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Examiner
  • Ken Garten: Vote no on Amendment 3, protect the Missouri Plan

  • The more I learn about the legislative process in Missouri, the more I think there might as well be a giant “For Sale” sign planted at the entrance of the State Capitol in Jefferson City.

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  • The more I learn about the legislative process in Missouri, the more I think there might as well be a giant “For Sale” sign planted at the entrance of the State Capitol in Jefferson City.
    Because the name of the game in politics is money.
    It takes money to get elected.
    And therefore the elected members of our state legislature are beholden to those who give them buckets and wheelbarrows full of money.
    A corollary to this is that legislators can also be intimidated by threats to give their opponents substantial contributions at the next election.
    Perhaps most disturbing about all of this is that much money is infused into our state’s legislative process from out-of-state interests seeking to impose their policies nationwide by purchasing influence state by state.
    These economic forces are behind an issue that Missouri voters will see on the ballot when they go to the polls on Nov. 6.
    That would be the ill-advised Amendment No. 3.
    These same politico-economic forces I’m talking about got Amendment No. 3 on the ballot, through a highly-financed effort in Jefferson City.
    Proposed Amendment No. 3 is an attempt to interject the ability to control the selection of judges in Missouri through political and economic pressures, much like the legislative process.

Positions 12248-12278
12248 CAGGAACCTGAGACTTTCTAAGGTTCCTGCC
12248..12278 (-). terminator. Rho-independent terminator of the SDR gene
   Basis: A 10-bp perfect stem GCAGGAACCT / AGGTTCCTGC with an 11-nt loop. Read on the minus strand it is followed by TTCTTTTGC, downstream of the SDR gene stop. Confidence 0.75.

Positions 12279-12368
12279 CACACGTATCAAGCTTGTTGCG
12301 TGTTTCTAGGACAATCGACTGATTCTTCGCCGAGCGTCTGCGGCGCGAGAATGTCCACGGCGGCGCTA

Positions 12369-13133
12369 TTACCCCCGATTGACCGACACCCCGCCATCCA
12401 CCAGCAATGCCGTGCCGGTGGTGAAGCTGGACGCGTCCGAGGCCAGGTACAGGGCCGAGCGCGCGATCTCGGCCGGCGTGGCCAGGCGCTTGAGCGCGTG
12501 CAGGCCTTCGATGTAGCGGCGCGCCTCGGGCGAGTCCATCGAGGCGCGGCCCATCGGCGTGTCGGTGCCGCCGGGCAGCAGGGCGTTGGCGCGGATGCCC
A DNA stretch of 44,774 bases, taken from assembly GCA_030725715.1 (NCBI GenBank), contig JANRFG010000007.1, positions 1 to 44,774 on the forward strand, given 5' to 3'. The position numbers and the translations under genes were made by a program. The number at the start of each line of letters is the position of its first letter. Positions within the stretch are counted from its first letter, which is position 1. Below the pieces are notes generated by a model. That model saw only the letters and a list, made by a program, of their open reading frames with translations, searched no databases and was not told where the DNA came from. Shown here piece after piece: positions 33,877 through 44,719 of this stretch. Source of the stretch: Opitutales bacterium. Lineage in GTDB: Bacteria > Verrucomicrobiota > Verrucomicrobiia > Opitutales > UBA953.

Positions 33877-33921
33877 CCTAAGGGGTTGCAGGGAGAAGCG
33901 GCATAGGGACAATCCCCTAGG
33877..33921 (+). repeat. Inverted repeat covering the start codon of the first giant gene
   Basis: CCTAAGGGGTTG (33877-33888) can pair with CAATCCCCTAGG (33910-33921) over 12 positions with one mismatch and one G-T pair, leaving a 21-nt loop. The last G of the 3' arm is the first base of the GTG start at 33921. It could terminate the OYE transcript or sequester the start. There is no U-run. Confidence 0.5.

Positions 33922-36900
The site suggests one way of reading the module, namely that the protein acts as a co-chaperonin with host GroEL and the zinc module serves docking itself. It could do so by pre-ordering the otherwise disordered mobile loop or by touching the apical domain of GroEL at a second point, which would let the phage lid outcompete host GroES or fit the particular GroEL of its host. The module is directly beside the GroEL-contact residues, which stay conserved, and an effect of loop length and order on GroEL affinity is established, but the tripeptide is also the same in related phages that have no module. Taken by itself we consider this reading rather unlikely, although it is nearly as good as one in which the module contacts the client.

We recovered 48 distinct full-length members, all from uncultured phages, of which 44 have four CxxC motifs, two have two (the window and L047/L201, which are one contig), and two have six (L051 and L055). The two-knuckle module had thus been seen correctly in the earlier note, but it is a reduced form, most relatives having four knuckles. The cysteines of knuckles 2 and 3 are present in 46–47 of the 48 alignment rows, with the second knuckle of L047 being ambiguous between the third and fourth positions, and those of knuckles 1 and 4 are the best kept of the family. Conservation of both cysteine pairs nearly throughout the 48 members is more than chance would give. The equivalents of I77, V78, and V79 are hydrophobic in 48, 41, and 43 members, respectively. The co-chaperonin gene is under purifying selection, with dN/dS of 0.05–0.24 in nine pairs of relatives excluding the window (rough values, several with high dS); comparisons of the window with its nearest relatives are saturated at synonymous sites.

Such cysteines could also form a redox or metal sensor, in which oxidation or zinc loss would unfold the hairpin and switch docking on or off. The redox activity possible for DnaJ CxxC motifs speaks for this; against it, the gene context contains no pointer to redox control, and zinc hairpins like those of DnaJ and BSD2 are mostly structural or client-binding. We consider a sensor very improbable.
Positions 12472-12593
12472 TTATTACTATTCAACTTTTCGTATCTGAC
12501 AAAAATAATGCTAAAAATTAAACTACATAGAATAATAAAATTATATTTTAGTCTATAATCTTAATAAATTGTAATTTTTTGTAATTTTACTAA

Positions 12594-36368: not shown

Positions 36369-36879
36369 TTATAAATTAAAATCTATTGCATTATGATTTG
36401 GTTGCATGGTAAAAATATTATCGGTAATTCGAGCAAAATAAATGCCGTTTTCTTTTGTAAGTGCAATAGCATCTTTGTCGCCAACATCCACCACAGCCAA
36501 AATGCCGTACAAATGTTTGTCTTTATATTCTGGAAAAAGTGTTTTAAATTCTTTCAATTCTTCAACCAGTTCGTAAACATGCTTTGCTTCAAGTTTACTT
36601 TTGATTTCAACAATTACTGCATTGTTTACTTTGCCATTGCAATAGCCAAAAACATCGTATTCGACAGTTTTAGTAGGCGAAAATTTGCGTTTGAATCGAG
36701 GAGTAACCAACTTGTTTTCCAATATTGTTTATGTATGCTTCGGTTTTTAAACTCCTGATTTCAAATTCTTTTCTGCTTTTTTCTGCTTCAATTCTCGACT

Money and power-driven political machines are not a new phenomenon.
    That’s why, back in 1940, Missouri formulated a system for selecting judges to keep appellate courts and metro areas insulated from such influences, whereby judges are selected by a merit-based, non-partisan system.
    That system has become known nationwide as the “Missouri Plan,” and has been adopted in similar form by more than half the states.
    The Missouri Plan seeks to prevent those with vast wealth from getting judges on the bench by throwing money at a political effort to do so.
    This results in a judiciary in Missouri that is competent, qualified, fair-minded, and not beholden to any political or economic agenda.
    But this upsets parties in some quarters who have lots and lots of money, are accustomed to being able to use it to get what they want, and are frustrated that they can’t use their money to influence the selection of judges.
    So what is a wealthy political movement to do? Use their money to try to change the rules so as to vest the judicial selection process in elected officials to whom they can make campaign donations, rather than a committee assimilated through a non-partisan, less-political process.
    This is a nationwide movement, aimed at attacking the Missouri plan nationwide. And where best to start, than in the state it’s named after.
    As a lawyer, and a Missourian, I am so glad we have the system we have, and not a judicial system that is influenced by the kinds of influences that permeate the legislative process.
    Page 2 of 2 - So please, I urge all of my fellow Missourians, regardless of party affiliation, or political leaning, let’s stand united on the sanctity of our judiciary. When you enter that voting booth on Nov. 6, vote no on Amendment 3.
    Ken Garten is a Blue Springs attorney. Contact him at krgarten@yahoo.com.
     
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